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Discover the Attractions in Princes Street, Edinburgh

Edinburgh’s Princes Street is best known for its exciting attractions and its many interesting and unusual shops that run along its entire length. Princes Street starts off at Waterloo Place, which is situated at the East End and goes all the way to Shandwick Place, which is found at the West End.

Princes Street was built in the late 18th century during the reign of King George the Third. Princes Street was part of the new section of Edinburgh and was named for King George’s sons after its original name was rejected.

Many local residents and tourists will spend the whole day enjoying the monuments, statues, landmarks and shops found along the one side of the Princes Street. The first building you will come across during your exploration of the street is the five-star Balmoral Hotel at 1 Princes Street. This well-known hotel provides a stunning view from the top floor overlooking the Princes Street Gardens and the Old Town. When the historic hotel was first formed in 1902 it was named the North British Hotel, after the ‘North British’ railway company.

Beside the Balmoral Hotel you will find steps leading to Waverly Station, the main train station in Edinburgh. The Victorian railway companies often built expensive hotels near the railway station to house passengers getting off the train. That is why you find Waverly Station so near to the Balmoral Hotel.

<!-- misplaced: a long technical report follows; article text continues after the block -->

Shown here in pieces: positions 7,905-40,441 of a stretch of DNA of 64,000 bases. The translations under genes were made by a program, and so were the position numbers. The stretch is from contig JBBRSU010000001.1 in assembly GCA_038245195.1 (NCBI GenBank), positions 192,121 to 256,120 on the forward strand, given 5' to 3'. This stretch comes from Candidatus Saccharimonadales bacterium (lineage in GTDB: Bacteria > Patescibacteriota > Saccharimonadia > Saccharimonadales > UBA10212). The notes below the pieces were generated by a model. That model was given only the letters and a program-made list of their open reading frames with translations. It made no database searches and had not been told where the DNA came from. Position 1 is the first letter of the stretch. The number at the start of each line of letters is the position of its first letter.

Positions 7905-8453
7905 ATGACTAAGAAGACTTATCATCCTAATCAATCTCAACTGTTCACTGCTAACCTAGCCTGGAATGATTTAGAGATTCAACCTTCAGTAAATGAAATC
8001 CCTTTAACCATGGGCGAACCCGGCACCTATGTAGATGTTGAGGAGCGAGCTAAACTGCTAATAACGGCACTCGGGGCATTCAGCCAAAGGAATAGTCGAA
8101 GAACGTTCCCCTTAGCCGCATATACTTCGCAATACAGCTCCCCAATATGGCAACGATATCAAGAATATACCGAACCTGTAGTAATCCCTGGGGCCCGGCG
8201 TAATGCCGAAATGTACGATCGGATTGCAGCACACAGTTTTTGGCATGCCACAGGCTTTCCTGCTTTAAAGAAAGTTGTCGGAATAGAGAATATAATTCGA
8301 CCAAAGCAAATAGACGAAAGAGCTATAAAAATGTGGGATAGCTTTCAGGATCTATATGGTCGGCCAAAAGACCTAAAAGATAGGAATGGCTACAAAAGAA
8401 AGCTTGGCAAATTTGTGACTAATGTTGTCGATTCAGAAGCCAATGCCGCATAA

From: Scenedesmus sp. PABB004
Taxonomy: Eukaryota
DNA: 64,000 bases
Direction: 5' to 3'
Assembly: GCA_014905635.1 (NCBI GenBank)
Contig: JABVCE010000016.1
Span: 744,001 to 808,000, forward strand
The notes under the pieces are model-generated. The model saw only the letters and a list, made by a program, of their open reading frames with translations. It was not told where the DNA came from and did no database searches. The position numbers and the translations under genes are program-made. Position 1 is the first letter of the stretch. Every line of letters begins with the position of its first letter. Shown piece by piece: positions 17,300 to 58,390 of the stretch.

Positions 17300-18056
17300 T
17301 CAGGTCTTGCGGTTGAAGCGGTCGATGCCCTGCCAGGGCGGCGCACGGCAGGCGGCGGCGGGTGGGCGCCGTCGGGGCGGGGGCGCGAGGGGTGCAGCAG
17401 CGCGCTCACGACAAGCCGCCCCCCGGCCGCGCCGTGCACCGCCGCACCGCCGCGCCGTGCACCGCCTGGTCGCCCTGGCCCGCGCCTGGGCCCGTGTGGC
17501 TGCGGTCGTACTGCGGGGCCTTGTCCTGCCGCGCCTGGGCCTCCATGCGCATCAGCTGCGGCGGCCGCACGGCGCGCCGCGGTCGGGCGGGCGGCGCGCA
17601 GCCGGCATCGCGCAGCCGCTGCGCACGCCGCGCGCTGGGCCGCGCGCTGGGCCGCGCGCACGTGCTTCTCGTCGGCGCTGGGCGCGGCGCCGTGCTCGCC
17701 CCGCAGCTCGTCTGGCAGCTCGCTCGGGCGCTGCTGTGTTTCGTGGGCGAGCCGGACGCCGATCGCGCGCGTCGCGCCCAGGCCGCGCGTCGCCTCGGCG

Near to Waverly Station you will find the Princes Mall shopping center and the tourist information center. The Princess Mall has numerous small shops and boutiques on the two and a half floors. The tourist information center has a wide array of leaflets and brochures informing visitors of upcoming events and attractions taking place in Edinburgh. You can also get assistance with accommodation near to Princes Street and around the city center.

Another famous landmark that you will find on Princes Street is the two hundred feet tall neo-gothic monument dedicated to the well-known writer, Sir Walter Scott. Often you will find a Scottish piper, dressed in his traditional Scottish dress, and his dog near the blackened statue of Sir Walter Scott playing away on his bagpipes. If you have the strength and the energy you can climb up the 287 steps to the top, you will be rewarded with a stunning view of the Edinburgh skyline.

There is so much more to see on Princes Street but to go through them all would take too long. You are encouraged to explore this historic street and see the stunning views for yourself. It will be a visit you will not regret!


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